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Legal Updates

Supreme Court Dims The Light On Class-Action Arbitrations

The U.S. Supreme Court recently held that an employer could not be compelled to submit to a class-action arbitration proceeding where the underlying arbitration agreement was “ambiguous” as to whether class-wide claims were arbitrable.

In Lamps Plus, Inc. v. Varela, the Supreme Court concluded that the Federal Arbitration Act (“FAA”) required “more than ambiguity to ensure that parties actually agreed to arbitrate on a class-wide basis.” Rather, the Court held, a party can be obligated to engage in a class-action arbitration only if it affirmatively agreed to do so.


The Varela case arose out of a data security breach involving a company known as Lamps Plus, Inc. In 2016, a hacker obtained private information relating to certain Lamps Plus employees, and a fraudulent federal income tax return was filed in the name of Frank Varela, a Lamps Plus employee. Subsequently, Varela filed suit in court against Lamps Plus, on his own behalf and on behalf of a proposed class of Lamps Plus employees whose personal information had also been compromised.

In response to the lawsuit, Lamps Plus moved to compel arbitration, citing an arbitration agreement Varela had entered into as a condition of his employment. The arbitration agreement provided, in pertinent part, that “arbitration shall be in lieu of any and all lawsuits or other civil legal proceedings relating to [Varela’s] employment.”

The district court granted Lamps Plus’s motion to compel arbitration, but rejected Lamps Plus’s request that the arbitration be limited to Varela’s individual claims. Instead, the court found that Varela could proceed with arbitrating the matter on a class-wide basis.

On appeal by Lamps Plus, the Ninth Circuit affirmed the district court’s decision. Concluding that the arbitration agreement was ambiguous on the issue of class-wide arbitration, the court applied state-law principles of contract interpretation and determined that the ambiguity should be construed against the drafter of the agreement, Lamps Plus. As a result, the Ninth Circuit concluded, the arbitration agreement authorized class-wide arbitration.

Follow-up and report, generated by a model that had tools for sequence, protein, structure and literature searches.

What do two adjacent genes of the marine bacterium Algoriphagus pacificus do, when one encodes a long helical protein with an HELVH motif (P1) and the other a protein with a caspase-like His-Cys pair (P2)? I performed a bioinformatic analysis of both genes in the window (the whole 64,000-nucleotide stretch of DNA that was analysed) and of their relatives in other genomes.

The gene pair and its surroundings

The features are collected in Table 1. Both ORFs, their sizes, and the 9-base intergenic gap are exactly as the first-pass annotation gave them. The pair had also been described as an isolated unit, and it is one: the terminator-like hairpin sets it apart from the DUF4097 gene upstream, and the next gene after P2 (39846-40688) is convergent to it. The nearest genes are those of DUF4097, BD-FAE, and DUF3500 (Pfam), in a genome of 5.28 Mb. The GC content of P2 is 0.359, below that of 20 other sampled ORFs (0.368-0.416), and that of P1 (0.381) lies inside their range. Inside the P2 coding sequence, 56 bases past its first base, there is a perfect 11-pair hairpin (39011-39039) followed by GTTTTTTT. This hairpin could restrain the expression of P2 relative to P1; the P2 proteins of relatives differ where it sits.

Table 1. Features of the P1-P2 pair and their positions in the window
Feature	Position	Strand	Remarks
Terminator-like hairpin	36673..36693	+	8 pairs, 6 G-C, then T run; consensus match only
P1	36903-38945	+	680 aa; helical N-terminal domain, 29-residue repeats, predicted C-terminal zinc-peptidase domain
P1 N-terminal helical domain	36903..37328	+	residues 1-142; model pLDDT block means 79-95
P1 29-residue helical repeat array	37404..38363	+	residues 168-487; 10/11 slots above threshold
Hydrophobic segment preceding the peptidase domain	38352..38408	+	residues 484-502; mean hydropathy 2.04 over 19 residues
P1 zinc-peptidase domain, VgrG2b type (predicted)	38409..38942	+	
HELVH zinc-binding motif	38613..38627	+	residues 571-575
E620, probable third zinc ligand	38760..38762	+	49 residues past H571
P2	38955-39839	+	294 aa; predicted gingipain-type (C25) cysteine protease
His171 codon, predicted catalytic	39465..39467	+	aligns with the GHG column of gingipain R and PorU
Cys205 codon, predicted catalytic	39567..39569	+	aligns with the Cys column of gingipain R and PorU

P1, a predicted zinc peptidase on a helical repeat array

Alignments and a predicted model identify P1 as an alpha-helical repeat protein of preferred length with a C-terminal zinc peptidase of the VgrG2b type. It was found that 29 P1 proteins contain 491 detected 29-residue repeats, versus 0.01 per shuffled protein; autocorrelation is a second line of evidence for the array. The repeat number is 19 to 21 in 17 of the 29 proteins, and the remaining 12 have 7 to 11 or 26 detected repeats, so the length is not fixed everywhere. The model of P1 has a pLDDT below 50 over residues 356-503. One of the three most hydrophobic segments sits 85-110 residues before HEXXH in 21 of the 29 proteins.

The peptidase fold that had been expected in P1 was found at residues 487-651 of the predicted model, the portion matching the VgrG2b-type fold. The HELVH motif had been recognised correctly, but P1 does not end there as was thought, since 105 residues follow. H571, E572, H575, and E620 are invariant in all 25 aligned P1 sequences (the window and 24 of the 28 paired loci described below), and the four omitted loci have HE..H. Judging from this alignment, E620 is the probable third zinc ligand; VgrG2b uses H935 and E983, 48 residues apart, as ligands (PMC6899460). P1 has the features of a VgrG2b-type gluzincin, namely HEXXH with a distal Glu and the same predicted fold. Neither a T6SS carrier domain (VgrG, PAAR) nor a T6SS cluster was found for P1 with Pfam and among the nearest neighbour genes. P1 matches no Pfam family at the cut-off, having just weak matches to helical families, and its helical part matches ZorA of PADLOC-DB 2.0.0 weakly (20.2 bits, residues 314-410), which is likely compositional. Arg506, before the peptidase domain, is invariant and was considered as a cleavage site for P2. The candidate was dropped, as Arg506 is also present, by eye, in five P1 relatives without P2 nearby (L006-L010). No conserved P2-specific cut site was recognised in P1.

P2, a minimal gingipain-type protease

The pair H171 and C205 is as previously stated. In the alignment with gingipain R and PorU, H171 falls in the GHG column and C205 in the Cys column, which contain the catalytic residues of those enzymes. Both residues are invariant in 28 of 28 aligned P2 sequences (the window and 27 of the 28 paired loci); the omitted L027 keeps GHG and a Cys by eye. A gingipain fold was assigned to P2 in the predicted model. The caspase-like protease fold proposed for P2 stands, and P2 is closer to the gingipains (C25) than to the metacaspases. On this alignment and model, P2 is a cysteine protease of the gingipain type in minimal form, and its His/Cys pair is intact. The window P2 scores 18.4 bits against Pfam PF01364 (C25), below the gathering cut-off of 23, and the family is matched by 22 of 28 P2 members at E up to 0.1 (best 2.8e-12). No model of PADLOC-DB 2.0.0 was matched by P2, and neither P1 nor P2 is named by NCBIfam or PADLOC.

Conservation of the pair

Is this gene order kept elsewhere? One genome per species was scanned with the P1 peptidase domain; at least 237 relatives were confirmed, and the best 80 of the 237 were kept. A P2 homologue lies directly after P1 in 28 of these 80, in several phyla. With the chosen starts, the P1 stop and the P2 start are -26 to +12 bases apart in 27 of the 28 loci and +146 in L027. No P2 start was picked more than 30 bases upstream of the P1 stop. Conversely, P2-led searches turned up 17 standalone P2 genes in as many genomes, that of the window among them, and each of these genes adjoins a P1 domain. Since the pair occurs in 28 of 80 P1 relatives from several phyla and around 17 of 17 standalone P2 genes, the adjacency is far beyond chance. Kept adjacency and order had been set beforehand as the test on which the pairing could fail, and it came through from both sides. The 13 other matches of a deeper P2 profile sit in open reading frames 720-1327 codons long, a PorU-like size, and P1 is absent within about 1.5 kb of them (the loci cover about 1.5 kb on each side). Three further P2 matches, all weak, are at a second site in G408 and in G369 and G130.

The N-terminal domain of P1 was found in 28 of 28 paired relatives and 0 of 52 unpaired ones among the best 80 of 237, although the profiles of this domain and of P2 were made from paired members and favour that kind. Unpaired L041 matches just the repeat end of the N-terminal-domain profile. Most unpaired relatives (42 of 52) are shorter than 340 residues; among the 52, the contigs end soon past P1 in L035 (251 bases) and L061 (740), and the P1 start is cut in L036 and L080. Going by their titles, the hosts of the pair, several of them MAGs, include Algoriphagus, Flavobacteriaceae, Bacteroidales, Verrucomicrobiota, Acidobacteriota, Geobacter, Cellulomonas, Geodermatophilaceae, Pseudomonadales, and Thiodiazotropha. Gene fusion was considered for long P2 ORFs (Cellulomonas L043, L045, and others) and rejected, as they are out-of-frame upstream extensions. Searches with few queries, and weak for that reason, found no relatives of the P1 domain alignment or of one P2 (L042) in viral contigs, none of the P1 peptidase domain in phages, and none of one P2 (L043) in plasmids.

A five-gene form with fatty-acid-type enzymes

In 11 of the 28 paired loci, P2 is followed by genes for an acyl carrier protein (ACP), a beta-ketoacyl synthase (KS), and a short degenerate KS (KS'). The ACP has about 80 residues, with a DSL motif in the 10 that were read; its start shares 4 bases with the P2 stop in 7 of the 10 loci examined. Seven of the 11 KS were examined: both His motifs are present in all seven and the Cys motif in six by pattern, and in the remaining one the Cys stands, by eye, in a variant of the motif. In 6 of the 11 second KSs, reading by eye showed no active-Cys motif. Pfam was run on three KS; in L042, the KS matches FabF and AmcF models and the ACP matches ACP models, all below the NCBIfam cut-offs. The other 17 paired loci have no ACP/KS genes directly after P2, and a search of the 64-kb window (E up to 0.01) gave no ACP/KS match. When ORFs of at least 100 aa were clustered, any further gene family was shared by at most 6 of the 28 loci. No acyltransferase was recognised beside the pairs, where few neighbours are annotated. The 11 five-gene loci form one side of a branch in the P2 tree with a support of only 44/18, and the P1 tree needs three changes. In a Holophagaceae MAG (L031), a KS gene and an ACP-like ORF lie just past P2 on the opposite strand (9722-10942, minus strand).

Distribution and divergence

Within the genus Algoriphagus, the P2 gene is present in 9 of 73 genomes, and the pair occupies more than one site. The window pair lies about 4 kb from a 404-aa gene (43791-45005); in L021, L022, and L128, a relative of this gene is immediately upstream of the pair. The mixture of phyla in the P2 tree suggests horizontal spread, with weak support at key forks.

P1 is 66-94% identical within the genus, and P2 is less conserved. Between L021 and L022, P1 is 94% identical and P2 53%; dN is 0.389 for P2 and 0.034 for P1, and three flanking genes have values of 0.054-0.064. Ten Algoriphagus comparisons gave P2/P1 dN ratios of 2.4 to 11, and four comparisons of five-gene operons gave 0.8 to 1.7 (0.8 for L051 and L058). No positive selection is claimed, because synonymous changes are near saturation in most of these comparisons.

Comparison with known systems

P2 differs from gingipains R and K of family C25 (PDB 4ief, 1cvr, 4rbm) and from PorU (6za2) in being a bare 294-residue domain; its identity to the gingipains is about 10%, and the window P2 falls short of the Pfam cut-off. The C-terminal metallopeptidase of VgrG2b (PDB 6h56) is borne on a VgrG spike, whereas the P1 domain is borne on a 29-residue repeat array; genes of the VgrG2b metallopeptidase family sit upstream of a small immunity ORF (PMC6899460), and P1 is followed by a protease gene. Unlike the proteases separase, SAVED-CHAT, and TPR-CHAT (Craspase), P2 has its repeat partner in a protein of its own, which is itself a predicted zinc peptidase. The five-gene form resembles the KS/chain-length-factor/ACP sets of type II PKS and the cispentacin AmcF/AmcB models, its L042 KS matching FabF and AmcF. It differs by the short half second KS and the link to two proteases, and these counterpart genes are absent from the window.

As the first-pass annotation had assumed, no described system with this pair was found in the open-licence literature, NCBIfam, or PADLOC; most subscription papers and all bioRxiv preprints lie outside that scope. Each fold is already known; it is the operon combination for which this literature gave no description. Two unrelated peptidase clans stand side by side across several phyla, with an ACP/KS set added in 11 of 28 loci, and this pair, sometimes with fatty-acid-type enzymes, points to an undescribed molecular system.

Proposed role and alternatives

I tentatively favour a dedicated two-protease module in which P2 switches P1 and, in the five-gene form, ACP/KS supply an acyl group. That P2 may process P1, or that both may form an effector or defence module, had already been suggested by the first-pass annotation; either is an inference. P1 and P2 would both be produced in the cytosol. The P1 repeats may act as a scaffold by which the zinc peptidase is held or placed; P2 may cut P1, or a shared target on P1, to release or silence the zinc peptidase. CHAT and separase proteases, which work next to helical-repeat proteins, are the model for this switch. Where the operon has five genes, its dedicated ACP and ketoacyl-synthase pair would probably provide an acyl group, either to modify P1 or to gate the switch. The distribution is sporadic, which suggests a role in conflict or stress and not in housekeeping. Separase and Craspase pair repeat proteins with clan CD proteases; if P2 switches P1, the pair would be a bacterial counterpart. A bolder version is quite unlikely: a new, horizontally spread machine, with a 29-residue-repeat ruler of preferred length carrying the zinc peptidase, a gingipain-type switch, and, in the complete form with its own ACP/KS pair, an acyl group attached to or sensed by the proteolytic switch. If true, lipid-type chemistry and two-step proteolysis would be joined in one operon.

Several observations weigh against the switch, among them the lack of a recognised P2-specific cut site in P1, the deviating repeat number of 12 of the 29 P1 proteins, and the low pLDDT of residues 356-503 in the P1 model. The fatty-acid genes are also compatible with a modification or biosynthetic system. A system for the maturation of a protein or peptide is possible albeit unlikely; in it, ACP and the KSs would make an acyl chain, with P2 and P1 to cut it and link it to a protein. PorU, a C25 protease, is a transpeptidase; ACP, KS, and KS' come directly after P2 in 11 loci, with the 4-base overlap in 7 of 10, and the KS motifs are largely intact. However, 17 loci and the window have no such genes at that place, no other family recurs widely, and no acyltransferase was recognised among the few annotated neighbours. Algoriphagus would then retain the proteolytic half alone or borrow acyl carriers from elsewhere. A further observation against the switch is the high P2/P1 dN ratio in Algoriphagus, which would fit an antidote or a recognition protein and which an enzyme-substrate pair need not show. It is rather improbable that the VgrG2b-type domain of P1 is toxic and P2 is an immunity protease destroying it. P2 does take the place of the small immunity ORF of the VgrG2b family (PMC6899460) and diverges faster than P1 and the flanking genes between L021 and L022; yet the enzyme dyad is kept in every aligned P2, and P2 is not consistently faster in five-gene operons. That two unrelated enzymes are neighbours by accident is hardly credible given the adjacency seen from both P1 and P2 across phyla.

Lamps Plus then petitioned the Supreme Court, which granted certiorari.

Supreme Court’s Decision

In a 5-4 decision written by Chief Justice John Roberts, the Supreme Court reversed the Ninth Circuit, concluding that Lamps Plus could not be compelled to arbitrate the dispute on a class-wide basis.

In its decision, the Court emphasized that arbitration is “strictly a matter of consent,” and that “[c]onsent is essential under the FAA because arbitrators wield only the authority they are given.” Chief Justice Roberts further stressed that there is a “fundamental difference” between class arbitration and individualized arbitration, as class arbitration eliminates many of the advantages of arbitration, such as efficiency, speed, and lower costs.

Accordingly, the Supreme Court concluded, ambiguity in an arbitration agreement is an insufficient basis for compelling class-wide arbitration, and parties cannot be compelled to submit to a class-action arbitration proceeding absent an affirmative agreement to do so.

Implications For Employers

As a result of the Varela decision, employers can be confident that they will not be obligated to participate in a class-wide arbitration proceeding unless they have expressly agreed to do so.

Deciding, however, whether to require employees to agree to arbitrate all employment-related disputes is a complex matter for employers. While arbitration carries some advantages over litigation, there are also some disadvantages, including the general unavailability of pre-hearing discovery and dispositive motions, as well as extremely narrow avenues for appeal. In addition, some employers have recently faced adverse publicity and backlash from employees after seeking to enforce arbitration agreements, particularly in the context of sexual-harassment claims.

Thus, before requiring employees to sign arbitration agreements requiring them to bring employment-related disputes before an arbitrator rather than a court, employers should carefully evaluate, with the assistance of experienced counsel, the likely pros and cons of doing so.

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Schwartz Hannum’s employment lawyers have extensive experience in advising employers on the advantages and disadvantages of arbitration, drafting arbitration agreements, and representing employers in arbitration proceedings. We would be happy to help your organization with any of these issues.